Child Support Attorneys Serving Arlington And Neighboring Communities
Determining child support payment amounts is not always an easy task. You might feel that you are paying too much or your spouse will not use the money for the children’s benefit. The spouse receiving the child support often feels just the opposite — that the money will not cover all the expenses related to the children. And some parents decide that they will not support their children despite being ordered to do so.
The Child Support Amount Is Not Fair
Having helped hundreds of clients through divorce and child support issues, we are genuinely empathetic to your feelings. In divorce situations, unfortunately, the legislature sets the parameters for determining child support payments and allows little variance when based upon accurate and truthful income disclosures.
However, it may be possible to modify the child support amount in either direction if a parent’s financial situation changes. To set up an appointment to discuss child support, call 800-958-4948. Some typical situations in which a modification might be allowed include:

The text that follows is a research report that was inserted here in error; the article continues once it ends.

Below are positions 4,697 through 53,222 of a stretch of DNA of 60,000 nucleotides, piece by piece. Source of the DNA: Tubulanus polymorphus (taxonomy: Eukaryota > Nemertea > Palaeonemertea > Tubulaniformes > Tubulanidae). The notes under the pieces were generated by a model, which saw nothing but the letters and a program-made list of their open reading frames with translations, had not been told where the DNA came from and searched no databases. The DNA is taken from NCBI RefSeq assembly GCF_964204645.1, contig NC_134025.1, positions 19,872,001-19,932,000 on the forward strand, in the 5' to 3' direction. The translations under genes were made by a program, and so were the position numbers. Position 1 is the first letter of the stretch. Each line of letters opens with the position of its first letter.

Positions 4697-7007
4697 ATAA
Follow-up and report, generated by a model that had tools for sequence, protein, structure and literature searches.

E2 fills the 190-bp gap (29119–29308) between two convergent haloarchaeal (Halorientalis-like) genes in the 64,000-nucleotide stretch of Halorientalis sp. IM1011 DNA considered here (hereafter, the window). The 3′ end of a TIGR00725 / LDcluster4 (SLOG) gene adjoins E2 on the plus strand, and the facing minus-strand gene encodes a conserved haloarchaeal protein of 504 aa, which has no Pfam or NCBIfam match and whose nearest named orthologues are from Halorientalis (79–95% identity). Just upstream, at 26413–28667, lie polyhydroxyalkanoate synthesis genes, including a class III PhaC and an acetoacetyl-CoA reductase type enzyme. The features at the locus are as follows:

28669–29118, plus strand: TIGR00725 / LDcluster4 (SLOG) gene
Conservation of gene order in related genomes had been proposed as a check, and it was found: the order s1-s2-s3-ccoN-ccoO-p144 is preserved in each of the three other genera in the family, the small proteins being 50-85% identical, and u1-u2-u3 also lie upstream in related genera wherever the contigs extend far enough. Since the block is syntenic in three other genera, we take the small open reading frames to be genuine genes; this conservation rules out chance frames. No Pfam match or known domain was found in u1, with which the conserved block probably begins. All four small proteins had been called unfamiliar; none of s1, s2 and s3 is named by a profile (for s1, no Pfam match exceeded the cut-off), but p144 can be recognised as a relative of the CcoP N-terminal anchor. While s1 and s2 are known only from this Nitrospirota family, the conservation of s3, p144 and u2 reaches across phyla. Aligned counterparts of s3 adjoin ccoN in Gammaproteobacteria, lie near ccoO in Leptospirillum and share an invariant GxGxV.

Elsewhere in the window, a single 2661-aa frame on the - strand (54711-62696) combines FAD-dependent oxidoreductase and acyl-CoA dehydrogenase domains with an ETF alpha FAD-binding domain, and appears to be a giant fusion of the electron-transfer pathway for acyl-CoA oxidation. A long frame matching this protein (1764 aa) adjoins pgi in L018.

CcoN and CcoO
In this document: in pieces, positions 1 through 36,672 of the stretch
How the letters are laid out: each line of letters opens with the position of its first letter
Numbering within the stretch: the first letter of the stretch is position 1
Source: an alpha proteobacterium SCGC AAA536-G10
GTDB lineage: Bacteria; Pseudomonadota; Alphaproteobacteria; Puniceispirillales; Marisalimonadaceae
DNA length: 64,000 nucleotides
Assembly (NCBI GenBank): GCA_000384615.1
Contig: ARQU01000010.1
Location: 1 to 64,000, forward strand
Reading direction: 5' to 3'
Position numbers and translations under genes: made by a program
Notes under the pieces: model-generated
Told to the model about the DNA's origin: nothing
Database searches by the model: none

- If the spouse paying support loses his or her job
- If one of the children requires extra support for a medical or educational reason
- If the receiving spouse’s income increases to an amount that allows him or her to make a greater contribution to the children’s expenses than before
Enforcing A Child Support Order
It is a most unfortunate situation when court-ordered child support is not paid and the parent ordered to pay support cannot be located.
Generally, we will have to file a petition with the court to enforce or modify an existing child support order. Through legal proceedings, it may be possible to have the court order the delinquent parent’s employer to withhold from his or her wages the funds owed to you. The court might also be able to order a sale of personal property to pay the support owed.